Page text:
Maggie was referred to Severn Hospice four weeks ago. Here she and her husband Simon tell their story.

Simon: Maggie had a seizure at home and later they identified that the cancer had spread to her brain. She went downhill quite suddenly – eight weeks ago she was still driving to work, commuting from Cheswardine every day, three teenagers at home and two grandchildren, a busy lifestyle.

Maggie: I’d been working full time until recently.

Simon: A week or so later she went into hospital to stabilise her diabetic condition but couldn’t sleep. It became a vicious circle so she came home but after 20 minutes she had a massive fit. She was readmitted to hospital and had another fit and ended up in resuscitation. The staff were brilliant, one who was due to go off shift and hour and a half earlier stayed behind because he knew her from last time she had been in A&E.

Maggie: I found it difficult to stay in hospital, but knew I wasn’t ready to go home. We met Tina, the Hospice’s link at the hospital, for the first time. She said they’d found me a bed at the Hospice. It freaked me out to start with but I have to say they’ve been amazing. I’ve just been allowed to sleep. After a few days of rest and when I felt much better we had a family meeting.

Jeff, the Social Worker, said ‘What is the one thing you’d like to do, what can we do for you?’ I said ‘Get married.’ I’ve known Simon for 13 years. We got engaged when I got the all-clear from breast cancer three years ago.

Simon: Then I had a stroke the very next day, which left me in hospital for several weeks.

Maggie: Every time we had planned to get married, something happened to just delay it. Jeff said ‘that’s not a problem we can do that here by special licence’ and 48 hours later we were married. It’s the most surreal feeling!

Simon: We got married at 3 o’clock on Sunday.

Maggie: The whole staff were involved in organising and helping with the event, nurses, healthcare assistants, manager.

Simon: Everybody. Cooks, cleaners, domestics, a real team effort by everyone.

Maggie: Also everybody who was in the Hospice at the same time came. It was just lovely. It was very, very special.

Simon: The most special day we’ve ever had. Our special day.

Maggie: All our children and some of the grandchildren came – it was just lovely. All the nurses, as my bridesmaids in blue! They could not have done enough for us.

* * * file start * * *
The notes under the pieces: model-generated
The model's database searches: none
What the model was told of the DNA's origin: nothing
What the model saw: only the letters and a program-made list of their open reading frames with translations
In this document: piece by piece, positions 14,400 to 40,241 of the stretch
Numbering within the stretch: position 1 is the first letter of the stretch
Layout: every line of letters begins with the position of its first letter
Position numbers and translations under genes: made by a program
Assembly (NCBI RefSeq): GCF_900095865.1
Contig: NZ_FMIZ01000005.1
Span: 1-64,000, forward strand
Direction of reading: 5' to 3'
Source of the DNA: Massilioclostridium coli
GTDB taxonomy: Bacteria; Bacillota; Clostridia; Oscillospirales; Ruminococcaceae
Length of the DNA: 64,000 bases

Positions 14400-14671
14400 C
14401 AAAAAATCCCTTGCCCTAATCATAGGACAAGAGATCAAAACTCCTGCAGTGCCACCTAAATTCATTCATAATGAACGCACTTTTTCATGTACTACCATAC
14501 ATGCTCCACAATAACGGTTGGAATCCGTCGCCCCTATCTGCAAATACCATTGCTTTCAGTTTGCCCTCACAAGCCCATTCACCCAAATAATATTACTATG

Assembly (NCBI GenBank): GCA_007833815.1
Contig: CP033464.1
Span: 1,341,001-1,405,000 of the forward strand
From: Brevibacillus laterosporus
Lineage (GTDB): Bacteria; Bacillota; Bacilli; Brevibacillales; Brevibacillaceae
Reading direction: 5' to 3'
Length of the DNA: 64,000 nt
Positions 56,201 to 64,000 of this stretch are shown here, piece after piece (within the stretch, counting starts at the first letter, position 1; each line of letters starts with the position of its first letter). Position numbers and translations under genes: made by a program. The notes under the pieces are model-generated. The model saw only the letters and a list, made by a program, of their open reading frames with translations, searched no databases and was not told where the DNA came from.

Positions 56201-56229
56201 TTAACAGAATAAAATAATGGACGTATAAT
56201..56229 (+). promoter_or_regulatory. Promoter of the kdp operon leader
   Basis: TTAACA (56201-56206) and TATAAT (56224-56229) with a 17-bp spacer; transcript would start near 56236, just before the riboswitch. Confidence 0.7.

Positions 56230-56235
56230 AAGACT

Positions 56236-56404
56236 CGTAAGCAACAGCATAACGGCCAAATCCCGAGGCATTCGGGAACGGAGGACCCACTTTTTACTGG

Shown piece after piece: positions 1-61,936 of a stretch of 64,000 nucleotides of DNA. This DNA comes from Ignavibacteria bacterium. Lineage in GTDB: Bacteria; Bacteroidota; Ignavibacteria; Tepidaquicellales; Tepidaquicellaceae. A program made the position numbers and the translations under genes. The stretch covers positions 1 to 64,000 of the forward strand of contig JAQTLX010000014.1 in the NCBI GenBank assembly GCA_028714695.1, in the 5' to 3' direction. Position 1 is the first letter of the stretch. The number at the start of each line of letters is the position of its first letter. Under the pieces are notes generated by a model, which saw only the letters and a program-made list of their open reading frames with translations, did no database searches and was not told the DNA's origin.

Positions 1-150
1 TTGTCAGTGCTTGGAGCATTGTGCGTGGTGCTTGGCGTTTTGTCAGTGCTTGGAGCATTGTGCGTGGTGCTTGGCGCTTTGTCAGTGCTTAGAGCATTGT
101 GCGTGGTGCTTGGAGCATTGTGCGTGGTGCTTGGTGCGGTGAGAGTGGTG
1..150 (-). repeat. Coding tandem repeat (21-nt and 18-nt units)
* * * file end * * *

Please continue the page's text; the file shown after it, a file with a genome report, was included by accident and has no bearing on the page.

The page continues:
Simon: Rachel put us in touch with a harpist, who came from Kinver. No shilly-shallying in shall we do this or shall we do that, let’s just make a decision and get on with it. It was right down to the wire; with ten minutes to go I was still writing the order of service then running to get it printed off in the nurses office so everyone would know what was happening.

She had a hen night complete with gin and tonic and feather boa. They started bathing and beautifying her at 5 in the morning.

Maggie: They were worried I’d be tired later and that was the time I was waking up so I had my bath then they put me back to bed so I could sleep.

Simon : I wasn’t allowed past the nursing station to see her until it was time. Apparently they’d decorated the room and a wheelchair for her depending on how she felt, but she came down for our wedding resplendent in her bed decorated like a fairy tale carriage with pink and gold organza and a large canopy above her head. How cool is that?

Maggie left me to sort out the order of service and readings, she had no idea what I was going to come up with, it was a bit like ‘Don’t Tell The Bride’. I had various ideas for bits of music and readings and Maggie left that completely to me.

Maggie: I didn’t do anything! The kitchen staff asked what I wanted to eat and I said a buffet, so that was what they did. It was wonderful.

Simon: I chose readings to reflect our life experiences that were also not to be too serious. When I first met her 13 years ago, she was reading ‘Captain Corelli’s Mandolin’ and there’s a bit in there about love. ‘Love is like a volcano, then it settles down…’ I remembered her reading that and thought it would be nice, she had completely forgotten about it! A friend read it as the first reading, then we had the Registrar undertaking the official vows, then we had a piece from Romeo and Juliet before the exchange of our rings. Finally we had a light hearted poem, by Pam Ayres on getting married which ends up with the words ‘I do, I do, I do’ everybody was laughing by the end of this. Mel, a nurse, did all the photos and we would recommend her for wedding photography! It was all very relaxed, totally informal.

Maggie: The only dress code was no holey jeans, difficult considering we have four teenage children!

Simon: It’s a lifetime achievement to have got married.

Maggie: Something happened every time we tried to plan it ourselves.

Simon: And this time it didn’t. Nothing could get in the way of the Hospice doing our wedding!

There wasn’t a dry eye in the house. Even one of the Registrars was wiping the tears away at one point.

Maggie: It’s been fantastic.

Simon: I think married life agrees with us!

Maggie: The whole of the staff here are fantastic. They’re friendly, helpful, nothing is too much trouble.

Simon: It’s a testament to true dedication of a team of caring people. It’s real professionalism.

Maggie: It’s all of them. If you have a panic, they support you and they sort it for you. They make it better.

Simon: She feels much better than when she came in. It’s been a truly positive experience coming here.

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